Creative writing workshops
A diverse programme of writing workshops led by authors with lived experience of the criminal justice system and other issues facing young people in custody.
Giving out free books
We work with publishers to donate books to prison libraries and give New Chapters participants signed books of their own to keep.
Working with National Prison Radio
National Prison Radio broadcasts audiobooks and interviews with authors, along with recordings of New Chapters participants themselves.
Writing competitions and anthologies
Participants are encouraged to submit their writing to competitions, with the winners getting the chance to read their work for broadcast on National Prison Radio. We also collate their writing in anthologies which we publish each year.
Creating mini libraries on each wing
Giving easier access to books, these are refreshed monthly with additional new titles chosen by those taking part.
Links with the local community
We work with Buckinghamshire Culture and other partners to showcase the young people's writing in local libraries and at literary festivals. We aim to establish shared writing groups to connect prison residents with the local community.
"We propose that low literacy holds a relationship with crime because it exacerbates risk factors associated with offending: negative experiences of education, exclusion and truancy, poor attainment and poor employment outcomes all hold a relationship with poor literacy skills."National Literacy Trust's 'Literacy Changes Lives' report (2014)
Literacy levels among the prison population remain significantly lower than the general population.
- Nearly two-thirds (62%) of people entering prisons have the literacy skills expected of an 11-year-old. This is more than four times higher than in the general adult population (Prison Reform Trust, 2021).
- 47% of people in custody have no educational qualifications at all (Prison Reform Trust, 2021).
People in custody often have a poor relationship with education.
- This is particularly true for children and young people – nearly nine out of 10 children (89%) in YOIs said they had been excluded from school. (Her Majesty's Inspectorate of Prisons, 2019).
- Those with low literacy are more likely to be excluded from school and more likely to truant. 9% of very poor readers are persistent truants compared to 2% of those who are average or above average readers. (National Literacy Trust’s Literacy Changes Lives report, 2014).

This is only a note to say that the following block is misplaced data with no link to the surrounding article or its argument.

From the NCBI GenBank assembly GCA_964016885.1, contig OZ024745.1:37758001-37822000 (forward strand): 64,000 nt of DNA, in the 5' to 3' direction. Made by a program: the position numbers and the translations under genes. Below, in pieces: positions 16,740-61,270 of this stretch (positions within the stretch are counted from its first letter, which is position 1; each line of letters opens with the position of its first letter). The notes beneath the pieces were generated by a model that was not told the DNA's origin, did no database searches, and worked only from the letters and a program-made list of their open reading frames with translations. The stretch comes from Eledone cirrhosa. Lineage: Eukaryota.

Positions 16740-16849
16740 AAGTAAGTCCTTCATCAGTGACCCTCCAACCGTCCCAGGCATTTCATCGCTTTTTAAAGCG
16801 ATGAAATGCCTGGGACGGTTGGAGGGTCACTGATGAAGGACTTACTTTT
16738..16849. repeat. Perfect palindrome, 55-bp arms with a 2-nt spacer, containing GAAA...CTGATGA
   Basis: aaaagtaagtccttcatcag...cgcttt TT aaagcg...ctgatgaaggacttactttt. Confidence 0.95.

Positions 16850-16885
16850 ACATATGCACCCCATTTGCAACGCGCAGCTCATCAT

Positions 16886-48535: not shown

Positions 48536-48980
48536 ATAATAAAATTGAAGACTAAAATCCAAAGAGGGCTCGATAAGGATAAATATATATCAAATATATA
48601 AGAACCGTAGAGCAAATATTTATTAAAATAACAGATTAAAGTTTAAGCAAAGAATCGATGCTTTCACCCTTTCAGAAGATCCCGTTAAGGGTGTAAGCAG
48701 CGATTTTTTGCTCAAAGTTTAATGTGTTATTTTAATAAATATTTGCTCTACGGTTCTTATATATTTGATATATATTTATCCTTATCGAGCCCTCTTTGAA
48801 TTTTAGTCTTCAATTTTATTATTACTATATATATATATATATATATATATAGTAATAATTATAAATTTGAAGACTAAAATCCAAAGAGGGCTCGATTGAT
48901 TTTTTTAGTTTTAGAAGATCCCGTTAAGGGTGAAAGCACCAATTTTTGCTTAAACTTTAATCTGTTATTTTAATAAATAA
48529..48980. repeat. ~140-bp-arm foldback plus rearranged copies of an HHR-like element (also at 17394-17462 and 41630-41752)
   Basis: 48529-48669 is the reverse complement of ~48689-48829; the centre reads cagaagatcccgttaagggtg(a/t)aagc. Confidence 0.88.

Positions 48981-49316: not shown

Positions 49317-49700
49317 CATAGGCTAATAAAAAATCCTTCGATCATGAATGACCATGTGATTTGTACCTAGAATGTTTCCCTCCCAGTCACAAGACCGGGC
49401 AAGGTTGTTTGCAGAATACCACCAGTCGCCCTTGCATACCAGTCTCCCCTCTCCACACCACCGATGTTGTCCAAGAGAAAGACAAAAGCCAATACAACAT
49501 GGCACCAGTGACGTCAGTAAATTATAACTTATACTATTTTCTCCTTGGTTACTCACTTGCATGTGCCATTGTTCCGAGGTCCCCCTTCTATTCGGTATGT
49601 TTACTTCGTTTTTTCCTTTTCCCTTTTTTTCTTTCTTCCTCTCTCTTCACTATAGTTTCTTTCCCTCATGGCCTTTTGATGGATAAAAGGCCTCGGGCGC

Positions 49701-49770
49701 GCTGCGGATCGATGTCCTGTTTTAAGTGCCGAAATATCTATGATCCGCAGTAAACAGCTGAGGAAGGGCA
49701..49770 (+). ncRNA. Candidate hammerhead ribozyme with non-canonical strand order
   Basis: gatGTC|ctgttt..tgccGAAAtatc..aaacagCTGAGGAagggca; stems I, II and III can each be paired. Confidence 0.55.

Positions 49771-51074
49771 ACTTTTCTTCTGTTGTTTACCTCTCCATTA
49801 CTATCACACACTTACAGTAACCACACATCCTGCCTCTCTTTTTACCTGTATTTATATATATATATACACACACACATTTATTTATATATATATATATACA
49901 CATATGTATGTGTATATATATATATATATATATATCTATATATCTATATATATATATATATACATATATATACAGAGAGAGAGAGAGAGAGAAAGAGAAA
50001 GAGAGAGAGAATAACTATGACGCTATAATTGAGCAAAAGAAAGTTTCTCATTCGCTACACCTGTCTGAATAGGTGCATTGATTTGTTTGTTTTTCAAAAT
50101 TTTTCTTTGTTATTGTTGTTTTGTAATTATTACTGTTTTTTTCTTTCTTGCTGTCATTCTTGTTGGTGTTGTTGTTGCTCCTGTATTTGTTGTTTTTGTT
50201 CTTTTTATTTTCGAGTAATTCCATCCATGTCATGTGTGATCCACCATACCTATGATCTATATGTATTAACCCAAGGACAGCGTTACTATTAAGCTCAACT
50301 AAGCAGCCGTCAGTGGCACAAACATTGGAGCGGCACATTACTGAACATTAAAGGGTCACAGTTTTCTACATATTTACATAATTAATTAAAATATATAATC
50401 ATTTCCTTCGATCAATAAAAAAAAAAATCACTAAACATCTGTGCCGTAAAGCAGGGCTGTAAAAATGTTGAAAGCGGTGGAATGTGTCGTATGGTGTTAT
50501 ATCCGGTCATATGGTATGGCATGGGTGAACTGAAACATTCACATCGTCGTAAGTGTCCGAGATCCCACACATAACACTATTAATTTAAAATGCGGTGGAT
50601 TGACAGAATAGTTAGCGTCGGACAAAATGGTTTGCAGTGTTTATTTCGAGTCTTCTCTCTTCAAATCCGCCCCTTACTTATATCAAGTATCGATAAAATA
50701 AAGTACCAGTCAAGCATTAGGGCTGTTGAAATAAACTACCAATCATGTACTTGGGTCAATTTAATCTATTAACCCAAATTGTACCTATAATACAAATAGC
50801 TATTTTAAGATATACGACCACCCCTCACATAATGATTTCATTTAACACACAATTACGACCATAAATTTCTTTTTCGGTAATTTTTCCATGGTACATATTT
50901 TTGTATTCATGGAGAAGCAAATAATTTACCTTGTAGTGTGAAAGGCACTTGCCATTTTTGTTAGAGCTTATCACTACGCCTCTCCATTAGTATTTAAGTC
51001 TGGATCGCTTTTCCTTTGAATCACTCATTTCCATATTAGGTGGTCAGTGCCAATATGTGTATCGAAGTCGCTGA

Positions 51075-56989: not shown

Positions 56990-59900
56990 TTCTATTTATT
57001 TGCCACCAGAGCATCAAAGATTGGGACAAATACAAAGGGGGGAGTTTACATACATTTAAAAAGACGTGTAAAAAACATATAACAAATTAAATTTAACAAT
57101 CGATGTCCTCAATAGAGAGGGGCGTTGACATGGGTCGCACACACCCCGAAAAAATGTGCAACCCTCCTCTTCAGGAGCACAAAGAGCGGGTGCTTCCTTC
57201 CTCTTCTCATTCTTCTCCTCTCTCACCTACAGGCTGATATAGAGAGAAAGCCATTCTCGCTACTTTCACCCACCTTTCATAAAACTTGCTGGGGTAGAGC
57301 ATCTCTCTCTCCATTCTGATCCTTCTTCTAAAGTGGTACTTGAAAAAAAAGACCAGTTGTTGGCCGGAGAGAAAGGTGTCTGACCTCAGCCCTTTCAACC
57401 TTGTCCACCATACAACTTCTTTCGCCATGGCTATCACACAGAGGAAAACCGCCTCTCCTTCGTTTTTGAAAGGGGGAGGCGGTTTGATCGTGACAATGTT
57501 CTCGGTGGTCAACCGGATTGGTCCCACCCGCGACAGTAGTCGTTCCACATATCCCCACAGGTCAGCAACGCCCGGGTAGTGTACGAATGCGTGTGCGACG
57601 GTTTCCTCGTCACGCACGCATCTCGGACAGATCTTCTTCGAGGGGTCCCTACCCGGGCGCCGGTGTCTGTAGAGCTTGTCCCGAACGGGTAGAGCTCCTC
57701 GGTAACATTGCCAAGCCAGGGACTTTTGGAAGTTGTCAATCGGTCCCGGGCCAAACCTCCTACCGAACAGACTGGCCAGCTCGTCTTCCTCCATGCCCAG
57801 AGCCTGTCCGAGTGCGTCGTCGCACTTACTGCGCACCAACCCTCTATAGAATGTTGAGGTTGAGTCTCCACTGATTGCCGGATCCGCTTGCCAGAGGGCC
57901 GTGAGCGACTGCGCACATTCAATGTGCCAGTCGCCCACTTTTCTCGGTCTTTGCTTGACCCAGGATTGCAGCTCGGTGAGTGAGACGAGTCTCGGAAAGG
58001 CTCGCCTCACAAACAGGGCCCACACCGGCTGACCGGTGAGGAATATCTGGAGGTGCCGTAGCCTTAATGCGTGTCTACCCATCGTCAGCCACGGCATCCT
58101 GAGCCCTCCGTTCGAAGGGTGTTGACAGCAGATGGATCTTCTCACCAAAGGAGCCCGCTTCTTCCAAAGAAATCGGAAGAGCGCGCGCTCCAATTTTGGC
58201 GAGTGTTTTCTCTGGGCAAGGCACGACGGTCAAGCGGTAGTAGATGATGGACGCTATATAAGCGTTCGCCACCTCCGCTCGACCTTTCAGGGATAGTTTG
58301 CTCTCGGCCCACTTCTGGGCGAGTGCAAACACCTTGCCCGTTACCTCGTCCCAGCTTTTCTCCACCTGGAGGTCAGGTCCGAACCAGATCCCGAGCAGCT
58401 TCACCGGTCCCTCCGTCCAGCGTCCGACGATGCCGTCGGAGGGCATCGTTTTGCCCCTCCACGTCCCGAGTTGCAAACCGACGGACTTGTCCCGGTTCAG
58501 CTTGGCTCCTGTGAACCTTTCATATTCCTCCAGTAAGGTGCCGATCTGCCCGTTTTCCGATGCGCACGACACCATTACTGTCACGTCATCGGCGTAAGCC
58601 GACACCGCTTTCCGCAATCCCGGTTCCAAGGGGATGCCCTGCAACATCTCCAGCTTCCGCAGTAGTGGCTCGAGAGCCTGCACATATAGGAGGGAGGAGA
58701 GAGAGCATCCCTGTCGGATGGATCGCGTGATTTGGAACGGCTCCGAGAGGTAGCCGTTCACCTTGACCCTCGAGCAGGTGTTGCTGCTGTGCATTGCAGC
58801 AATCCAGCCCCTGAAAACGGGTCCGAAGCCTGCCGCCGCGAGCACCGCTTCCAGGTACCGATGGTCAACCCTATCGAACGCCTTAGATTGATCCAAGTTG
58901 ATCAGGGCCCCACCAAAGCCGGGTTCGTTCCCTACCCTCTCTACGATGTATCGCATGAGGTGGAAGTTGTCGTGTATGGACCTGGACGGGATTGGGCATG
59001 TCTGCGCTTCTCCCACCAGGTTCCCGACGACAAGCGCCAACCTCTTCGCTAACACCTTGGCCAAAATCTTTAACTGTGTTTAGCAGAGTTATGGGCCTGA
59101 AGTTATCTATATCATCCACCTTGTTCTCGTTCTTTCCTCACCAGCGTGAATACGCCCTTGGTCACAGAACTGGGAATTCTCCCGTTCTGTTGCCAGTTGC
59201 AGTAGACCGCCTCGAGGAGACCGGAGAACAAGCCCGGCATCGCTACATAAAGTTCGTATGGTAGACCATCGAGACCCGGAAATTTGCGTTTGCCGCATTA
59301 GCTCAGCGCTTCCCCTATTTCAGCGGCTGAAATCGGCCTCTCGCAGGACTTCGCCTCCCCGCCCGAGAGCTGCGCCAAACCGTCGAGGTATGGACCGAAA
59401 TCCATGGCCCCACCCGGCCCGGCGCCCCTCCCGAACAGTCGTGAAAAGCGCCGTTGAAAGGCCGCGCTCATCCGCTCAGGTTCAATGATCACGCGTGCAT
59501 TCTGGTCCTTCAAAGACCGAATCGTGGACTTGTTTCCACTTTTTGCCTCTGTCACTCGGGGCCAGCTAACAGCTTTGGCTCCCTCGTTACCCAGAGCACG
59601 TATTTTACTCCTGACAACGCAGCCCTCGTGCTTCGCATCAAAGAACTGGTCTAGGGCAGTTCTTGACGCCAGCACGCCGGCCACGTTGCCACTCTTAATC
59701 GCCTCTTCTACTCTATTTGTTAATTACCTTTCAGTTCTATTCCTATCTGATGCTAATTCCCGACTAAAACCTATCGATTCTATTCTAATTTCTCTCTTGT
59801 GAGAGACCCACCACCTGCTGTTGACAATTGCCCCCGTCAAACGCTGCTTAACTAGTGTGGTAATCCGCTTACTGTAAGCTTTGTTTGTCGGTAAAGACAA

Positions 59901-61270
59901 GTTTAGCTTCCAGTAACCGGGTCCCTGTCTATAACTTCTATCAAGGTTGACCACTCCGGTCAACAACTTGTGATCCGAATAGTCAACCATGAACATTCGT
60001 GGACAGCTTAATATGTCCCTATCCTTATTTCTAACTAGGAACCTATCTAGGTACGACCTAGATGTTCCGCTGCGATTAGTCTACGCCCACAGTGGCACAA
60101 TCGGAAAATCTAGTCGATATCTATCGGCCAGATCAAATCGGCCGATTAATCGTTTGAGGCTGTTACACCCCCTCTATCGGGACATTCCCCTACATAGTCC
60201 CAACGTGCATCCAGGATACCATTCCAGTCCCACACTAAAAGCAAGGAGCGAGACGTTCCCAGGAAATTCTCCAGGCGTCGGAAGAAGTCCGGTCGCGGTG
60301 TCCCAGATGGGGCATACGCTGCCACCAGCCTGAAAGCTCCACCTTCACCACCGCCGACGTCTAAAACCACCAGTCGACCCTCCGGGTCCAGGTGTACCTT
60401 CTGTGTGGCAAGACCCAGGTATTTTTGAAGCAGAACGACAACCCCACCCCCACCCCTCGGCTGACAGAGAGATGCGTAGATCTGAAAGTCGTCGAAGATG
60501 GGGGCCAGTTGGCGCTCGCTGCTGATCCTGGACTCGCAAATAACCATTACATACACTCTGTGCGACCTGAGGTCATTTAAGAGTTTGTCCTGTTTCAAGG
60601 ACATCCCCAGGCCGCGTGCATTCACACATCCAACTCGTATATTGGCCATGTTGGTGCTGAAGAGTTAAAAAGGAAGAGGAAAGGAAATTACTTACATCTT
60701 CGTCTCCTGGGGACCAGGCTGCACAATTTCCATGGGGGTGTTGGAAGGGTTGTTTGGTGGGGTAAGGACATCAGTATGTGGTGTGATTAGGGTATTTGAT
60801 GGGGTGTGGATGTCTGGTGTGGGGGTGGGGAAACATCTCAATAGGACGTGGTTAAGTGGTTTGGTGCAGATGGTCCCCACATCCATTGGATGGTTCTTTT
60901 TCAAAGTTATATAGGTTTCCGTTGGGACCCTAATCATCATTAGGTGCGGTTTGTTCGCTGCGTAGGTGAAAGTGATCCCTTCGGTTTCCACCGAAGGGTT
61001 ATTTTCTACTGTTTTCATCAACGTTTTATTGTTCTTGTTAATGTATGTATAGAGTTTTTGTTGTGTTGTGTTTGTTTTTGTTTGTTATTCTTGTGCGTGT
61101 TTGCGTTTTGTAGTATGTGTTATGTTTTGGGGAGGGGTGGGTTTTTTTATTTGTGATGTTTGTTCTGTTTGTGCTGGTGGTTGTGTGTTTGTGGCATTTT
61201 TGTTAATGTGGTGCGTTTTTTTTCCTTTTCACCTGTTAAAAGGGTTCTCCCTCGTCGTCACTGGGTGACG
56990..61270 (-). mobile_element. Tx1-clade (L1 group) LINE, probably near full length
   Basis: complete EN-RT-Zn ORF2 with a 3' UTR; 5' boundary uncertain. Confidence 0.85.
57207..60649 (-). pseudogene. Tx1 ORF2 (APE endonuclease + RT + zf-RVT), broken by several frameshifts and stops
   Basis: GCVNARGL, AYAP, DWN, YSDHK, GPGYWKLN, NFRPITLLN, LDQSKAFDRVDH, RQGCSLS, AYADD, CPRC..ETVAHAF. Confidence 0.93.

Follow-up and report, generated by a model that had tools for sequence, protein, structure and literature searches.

Engagement with educational opportunities can significantly reduce (re)offending.
- The proven one year reoffending rate is 34% for prisoner learners, compared to 43% for people who don’t engage in any form of learning (Ministry of Justice and Department for Education, 2017).
- Despite this, only 1% of youth offenders in custody for 12 months or longer achieved 5 or more GCSEs A*-C (Ministry of Justice and Department for Education, 2016).
The New Chapters Anthology 2022
The New Chapters Anthology 2022 has now been published. The body of work showcases the talent of this year's cohort from prisons and Young Offender’s Institutions and is a brilliant way to celebrate the talented contributions from participants over the project. To acknowledge the creative writing work produced, the anthology will be sent to prison libraries across the country, and be exhibited in libraries and at storytelling festivals in the community. We hope to gather feedback from those who read the anthology to send directly to the writers featured in it. The breadth and quality of writing is incredible and is testament to the talent behind prison walls.
If you would like to read and feedback on the work, please email the team here and quote the code (for example ‘NCAYL5’) which appears in the top right hand corner of the page to identify the piece(s) you are giving feedback on.